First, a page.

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Pack Weight Theory
#1
Video 


Governmental dependance makes for poor self reliance.

"What could possibly go wrong with a duct tape boat?"  Cody Lundin

The best defense against evil men are good men with violent skill sets.
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#2
After I had walked through the Khyber Pass, I weighed my pack and that of my late wife - 19 and 21 pounds, respectively.  We were on the road for 8 months.

During the Panama invasion, soldiers were air dropped away from an airport, with the goal being to secure the airport.  Each carried over 100 pounds of gear - in the tropics.

There is a direct correlation between pack weight and degraded physical condition under survival  conditions.  Once had to choose between boots and sneakers, one or two blankets on a three day, up and down, in the mud trek through the Golden Triangle.  Chose the sneakers and the one blanket.

Most people ask for "lists" and pack way too much.

Now I am older and urban.  Do I have a stuffed three day back?  Absolutely not.  I have over 100 pounds of gear in the trunk of the car packed in waterproof, locked Korean duffle backs and a three day pack.  If and when I am about and there is an emergency, I want 10 minutes to pick and choose.

My mentor is about 80 years old.  He did up 6 packs of about 35-50 pounds and placed some with relatives.  Different approach.

The Israeli Army did an experiment.  Took a unit and marched it from one end of the country to the other.  No water discipline imposed.  Instead, people were encouraged to drink a lot of water.  That unit performed better than other units at the end of the march.  So when you think about a pack, forget the nonsense about having 5 kinds of firestarter.  Focus on the items that keep you moving like a way to clean water, bandaids, scissors, a bar of soap, small towel, vaseline, foot powder.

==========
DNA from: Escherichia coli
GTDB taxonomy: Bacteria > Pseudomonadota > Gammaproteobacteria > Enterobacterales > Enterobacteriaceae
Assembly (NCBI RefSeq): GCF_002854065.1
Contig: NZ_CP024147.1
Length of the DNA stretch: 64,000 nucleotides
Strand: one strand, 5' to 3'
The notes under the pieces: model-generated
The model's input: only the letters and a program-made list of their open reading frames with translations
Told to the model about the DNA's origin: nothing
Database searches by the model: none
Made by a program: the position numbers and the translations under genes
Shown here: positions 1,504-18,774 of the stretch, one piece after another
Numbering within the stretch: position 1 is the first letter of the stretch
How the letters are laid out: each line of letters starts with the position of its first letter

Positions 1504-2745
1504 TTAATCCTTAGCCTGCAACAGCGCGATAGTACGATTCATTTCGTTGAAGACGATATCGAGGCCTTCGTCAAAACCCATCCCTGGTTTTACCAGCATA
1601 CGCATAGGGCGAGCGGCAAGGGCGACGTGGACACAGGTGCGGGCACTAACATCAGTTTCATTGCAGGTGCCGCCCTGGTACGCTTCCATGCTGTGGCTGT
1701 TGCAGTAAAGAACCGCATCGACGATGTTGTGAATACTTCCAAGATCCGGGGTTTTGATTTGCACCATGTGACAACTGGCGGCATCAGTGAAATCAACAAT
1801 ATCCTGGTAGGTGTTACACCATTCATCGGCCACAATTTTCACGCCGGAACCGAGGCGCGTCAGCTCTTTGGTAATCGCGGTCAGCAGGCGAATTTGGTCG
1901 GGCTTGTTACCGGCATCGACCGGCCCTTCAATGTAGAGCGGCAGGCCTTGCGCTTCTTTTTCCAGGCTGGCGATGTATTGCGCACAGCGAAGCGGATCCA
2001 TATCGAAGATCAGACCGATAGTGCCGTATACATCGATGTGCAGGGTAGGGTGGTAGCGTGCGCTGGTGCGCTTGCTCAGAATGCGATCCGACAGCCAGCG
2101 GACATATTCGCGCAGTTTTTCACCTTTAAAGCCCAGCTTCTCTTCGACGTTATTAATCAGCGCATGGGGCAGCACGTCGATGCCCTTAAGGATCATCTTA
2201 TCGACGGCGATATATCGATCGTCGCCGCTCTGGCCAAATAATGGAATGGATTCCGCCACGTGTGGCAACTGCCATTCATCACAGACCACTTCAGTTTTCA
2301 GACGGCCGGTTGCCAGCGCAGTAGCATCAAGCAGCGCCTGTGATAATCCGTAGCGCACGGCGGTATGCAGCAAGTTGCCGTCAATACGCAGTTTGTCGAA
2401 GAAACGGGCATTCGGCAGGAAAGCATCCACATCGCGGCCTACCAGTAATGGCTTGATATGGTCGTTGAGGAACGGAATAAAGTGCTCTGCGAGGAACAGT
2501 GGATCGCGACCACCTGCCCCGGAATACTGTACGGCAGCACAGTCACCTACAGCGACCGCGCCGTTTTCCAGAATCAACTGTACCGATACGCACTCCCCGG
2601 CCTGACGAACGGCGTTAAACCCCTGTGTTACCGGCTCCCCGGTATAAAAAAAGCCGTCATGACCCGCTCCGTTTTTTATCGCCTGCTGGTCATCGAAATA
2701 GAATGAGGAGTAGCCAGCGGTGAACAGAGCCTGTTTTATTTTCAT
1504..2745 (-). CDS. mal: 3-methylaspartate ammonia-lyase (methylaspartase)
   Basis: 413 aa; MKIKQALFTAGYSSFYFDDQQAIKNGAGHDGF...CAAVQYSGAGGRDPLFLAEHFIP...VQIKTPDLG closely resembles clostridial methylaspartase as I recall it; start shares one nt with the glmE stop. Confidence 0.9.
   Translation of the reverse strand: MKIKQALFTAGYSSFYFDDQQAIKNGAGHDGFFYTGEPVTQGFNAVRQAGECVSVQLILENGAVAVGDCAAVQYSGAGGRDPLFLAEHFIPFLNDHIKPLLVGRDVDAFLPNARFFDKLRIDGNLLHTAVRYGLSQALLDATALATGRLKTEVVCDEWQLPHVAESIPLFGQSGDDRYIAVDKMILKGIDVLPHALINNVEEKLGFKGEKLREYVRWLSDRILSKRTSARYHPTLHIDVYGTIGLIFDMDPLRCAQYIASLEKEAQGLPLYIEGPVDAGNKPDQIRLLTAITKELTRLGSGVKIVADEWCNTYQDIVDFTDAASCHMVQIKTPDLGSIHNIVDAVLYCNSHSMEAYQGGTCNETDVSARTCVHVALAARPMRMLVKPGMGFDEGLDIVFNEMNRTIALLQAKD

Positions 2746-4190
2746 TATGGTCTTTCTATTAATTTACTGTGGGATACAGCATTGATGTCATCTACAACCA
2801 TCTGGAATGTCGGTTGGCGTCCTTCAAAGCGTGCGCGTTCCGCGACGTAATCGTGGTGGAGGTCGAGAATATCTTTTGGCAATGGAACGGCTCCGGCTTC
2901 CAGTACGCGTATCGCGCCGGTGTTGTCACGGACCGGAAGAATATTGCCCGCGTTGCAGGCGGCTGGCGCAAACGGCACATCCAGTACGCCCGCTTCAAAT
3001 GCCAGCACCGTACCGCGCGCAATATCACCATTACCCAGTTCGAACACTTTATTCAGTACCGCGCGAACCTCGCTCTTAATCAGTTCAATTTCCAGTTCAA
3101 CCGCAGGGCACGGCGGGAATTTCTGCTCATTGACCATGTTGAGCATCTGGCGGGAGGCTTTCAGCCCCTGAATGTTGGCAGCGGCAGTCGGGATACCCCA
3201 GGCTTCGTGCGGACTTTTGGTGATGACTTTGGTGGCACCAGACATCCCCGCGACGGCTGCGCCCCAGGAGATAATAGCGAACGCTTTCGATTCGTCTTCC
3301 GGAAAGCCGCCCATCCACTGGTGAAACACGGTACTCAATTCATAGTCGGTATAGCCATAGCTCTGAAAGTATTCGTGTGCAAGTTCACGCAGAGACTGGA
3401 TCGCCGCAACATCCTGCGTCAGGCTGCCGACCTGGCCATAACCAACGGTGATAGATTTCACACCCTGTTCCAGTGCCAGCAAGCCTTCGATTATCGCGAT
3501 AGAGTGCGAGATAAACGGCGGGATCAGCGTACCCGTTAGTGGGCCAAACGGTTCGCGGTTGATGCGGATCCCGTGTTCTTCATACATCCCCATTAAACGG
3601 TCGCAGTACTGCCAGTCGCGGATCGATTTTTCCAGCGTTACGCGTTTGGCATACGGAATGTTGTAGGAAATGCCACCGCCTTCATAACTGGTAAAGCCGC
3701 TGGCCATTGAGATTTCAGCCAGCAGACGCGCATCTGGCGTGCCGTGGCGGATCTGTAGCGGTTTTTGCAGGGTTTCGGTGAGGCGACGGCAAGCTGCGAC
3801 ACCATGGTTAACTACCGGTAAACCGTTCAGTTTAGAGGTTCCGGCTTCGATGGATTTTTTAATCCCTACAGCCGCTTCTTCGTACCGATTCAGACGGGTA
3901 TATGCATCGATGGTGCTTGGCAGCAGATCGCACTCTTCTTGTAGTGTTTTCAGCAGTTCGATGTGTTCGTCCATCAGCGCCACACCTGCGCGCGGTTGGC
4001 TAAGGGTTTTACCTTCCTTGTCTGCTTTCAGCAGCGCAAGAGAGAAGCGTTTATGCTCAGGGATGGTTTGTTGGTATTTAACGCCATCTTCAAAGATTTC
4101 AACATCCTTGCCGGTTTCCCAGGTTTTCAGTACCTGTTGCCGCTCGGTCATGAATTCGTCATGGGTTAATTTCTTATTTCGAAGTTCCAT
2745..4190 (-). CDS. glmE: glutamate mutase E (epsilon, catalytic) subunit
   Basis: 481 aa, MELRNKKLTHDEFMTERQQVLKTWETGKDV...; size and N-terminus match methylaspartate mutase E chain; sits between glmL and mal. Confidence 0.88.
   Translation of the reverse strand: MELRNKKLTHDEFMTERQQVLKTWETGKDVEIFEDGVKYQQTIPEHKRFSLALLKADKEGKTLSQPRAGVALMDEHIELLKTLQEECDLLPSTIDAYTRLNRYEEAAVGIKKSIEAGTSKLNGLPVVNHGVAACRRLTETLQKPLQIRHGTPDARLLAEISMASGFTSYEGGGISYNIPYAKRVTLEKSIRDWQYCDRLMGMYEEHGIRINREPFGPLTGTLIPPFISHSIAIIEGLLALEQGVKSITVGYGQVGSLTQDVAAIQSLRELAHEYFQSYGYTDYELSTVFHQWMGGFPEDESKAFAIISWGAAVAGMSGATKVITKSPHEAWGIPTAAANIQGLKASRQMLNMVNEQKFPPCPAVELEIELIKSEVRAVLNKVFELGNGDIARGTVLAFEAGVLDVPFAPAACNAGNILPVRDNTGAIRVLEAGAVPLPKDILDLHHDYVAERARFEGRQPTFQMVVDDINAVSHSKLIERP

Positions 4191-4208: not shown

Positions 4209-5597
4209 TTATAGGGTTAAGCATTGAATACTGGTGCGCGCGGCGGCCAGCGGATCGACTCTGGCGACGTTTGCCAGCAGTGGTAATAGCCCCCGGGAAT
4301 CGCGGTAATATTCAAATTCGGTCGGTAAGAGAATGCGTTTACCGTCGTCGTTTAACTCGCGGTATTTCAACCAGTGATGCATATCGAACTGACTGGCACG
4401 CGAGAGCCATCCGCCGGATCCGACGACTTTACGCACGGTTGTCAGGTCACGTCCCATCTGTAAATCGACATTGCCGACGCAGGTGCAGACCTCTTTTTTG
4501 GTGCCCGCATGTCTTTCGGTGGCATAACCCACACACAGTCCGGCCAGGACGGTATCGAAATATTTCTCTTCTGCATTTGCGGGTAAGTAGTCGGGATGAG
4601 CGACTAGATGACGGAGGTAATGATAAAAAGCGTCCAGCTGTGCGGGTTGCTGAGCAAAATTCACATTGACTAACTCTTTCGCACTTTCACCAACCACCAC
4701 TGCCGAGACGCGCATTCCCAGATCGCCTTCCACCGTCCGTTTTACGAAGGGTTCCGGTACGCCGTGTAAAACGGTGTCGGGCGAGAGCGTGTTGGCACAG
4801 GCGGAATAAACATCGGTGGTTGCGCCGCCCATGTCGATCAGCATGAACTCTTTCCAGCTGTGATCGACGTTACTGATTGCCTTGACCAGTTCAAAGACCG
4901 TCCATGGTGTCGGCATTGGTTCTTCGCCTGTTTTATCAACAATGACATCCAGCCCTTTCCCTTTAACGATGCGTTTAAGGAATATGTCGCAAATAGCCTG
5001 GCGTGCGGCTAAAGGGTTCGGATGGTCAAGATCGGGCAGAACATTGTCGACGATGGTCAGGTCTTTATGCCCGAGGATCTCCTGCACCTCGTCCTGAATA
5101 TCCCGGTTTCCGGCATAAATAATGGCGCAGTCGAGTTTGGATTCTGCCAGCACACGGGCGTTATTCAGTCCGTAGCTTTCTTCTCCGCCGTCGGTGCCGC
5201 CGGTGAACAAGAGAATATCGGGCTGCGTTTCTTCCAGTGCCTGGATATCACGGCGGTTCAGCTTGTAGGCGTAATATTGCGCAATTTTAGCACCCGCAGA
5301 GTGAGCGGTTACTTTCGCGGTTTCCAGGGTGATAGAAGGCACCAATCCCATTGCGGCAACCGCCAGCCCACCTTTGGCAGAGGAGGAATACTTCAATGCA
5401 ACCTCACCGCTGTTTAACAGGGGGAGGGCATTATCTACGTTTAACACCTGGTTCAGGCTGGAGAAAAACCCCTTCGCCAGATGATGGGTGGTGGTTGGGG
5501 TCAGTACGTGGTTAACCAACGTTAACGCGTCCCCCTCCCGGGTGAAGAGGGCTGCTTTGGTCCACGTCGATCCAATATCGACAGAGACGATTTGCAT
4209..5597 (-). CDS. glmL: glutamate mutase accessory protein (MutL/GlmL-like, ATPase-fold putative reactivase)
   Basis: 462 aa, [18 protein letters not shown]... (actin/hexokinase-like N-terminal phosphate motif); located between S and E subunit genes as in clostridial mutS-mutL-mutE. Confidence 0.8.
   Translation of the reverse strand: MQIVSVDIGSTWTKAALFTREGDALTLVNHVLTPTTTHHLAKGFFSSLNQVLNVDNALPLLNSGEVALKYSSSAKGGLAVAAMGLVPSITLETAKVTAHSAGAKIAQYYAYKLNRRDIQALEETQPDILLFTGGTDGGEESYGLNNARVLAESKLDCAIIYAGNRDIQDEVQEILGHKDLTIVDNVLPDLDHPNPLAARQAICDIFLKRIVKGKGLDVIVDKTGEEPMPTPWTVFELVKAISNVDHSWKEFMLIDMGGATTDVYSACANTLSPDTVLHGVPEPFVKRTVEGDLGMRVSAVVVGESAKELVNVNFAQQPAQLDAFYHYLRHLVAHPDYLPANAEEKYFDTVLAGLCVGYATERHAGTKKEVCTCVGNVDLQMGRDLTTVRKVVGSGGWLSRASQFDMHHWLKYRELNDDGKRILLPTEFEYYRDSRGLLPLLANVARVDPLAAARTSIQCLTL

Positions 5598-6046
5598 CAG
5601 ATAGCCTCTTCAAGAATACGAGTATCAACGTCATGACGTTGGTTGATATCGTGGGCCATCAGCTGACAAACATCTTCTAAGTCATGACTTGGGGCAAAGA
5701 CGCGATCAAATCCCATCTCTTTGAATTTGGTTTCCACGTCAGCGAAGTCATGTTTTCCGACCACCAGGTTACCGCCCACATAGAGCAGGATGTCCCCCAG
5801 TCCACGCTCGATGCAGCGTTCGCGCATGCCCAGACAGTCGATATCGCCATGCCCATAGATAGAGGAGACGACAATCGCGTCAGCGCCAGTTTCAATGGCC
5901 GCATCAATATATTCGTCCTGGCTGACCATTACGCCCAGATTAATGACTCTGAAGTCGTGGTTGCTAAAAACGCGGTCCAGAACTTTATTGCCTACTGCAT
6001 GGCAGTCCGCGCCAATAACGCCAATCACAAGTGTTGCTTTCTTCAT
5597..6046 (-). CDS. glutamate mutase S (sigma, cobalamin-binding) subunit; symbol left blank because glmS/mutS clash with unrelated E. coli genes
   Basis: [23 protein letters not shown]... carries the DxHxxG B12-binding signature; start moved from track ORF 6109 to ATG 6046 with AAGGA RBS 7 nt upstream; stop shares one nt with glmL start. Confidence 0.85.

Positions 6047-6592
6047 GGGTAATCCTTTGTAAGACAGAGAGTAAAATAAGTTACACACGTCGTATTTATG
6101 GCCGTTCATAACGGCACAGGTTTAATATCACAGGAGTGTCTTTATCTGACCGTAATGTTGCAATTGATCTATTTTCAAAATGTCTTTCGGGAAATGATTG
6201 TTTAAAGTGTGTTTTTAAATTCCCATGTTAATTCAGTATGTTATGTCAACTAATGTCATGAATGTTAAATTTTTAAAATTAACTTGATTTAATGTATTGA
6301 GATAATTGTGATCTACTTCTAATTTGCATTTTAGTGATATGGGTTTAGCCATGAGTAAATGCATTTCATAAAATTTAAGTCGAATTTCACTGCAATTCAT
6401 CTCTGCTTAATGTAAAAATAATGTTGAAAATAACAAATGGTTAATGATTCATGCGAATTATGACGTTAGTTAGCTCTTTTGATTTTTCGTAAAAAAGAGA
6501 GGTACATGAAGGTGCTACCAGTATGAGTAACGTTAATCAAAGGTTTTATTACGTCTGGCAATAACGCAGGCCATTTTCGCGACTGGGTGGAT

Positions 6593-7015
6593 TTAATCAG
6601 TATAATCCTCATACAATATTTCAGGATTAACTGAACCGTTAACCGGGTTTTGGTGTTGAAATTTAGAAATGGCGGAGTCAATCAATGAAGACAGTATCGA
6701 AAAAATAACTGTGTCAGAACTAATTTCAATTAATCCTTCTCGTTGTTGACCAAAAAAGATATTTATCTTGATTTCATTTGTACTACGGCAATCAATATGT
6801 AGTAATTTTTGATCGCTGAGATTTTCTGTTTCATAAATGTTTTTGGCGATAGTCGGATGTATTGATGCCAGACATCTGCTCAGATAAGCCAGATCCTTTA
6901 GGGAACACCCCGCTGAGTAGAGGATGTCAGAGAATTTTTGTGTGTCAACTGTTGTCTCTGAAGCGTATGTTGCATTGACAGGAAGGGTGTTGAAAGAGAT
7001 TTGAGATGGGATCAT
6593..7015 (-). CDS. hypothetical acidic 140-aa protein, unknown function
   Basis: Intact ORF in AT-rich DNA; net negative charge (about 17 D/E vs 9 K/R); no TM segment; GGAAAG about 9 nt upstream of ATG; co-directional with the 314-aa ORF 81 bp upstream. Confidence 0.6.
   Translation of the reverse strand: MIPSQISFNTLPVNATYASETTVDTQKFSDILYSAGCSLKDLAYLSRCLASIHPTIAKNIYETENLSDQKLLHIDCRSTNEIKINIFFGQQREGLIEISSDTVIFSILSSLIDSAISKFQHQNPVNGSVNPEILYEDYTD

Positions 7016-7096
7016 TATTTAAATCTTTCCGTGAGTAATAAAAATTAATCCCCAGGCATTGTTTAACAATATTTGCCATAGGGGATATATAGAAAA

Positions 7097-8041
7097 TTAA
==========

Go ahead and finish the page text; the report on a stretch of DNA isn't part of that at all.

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#3




Keith Burgess is a historian and studies 18th Century American and British history and survival. Thought this video would accompany this thread well.
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#4
(09-11-2015, 04:15 PM)bdcochran Wrote: After I had walked through the Khyber Pass, I weighed my pack and that of my late wife - 19 and 21 pounds, respectively.  We were on the road for 8 months.

Could you please expand on what the contents of your packs were, given your long time on the road.
Also what was your access to amenities so that you were freed from having to carry stuff with you

Thanks
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#5
(09-11-2015, 04:15 PM)bdcochran Wrote: After I had walked through the Khyber Pass, I weighed my pack and that of my late wife - 19 and 21 pounds, respectively.  We were on the road for 8 months.

During the Panama invasion, soldiers were air dropped away from an airport, with the goal being to secure the airport.  Each carried over 100 pounds of gear - in the tropics.

There is a direct correlation between pack weight and degraded physical condition under survival  conditions.  Once had to choose between boots and sneakers, one or two blankets on a three day, up and down, in the mud trek through the Golden Triangle.  Chose the sneakers and the one blanket.

Most people ask for "lists" and pack way too much.

Now I am older and urban.  Do I have a stuffed three day back?  Absolutely not.  I have over 100 pounds of gear in the trunk of the car packed in waterproof, locked Korean duffle backs and a three day pack.  If and when I am about and there is an emergency, I want 10 minutes to pick and choose.

My mentor is about 80 years old.  He did up 6 packs of about 35-50 pounds and placed some with relatives.  Different approach.

The Israeli Army did an experiment.  Took a unit and marched it from one end of the country to the other.  No water discipline imposed.  Instead, people were encouraged to drink a lot of water.  That unit performed better than other units at the end of the march.  So when you think about a pack, forget the nonsense about having 5 kinds of firestarter.  Focus on the items that keep you moving like a way to clean water, bandaids, scissors, a bar of soap, small towel, vaseline, foot powder.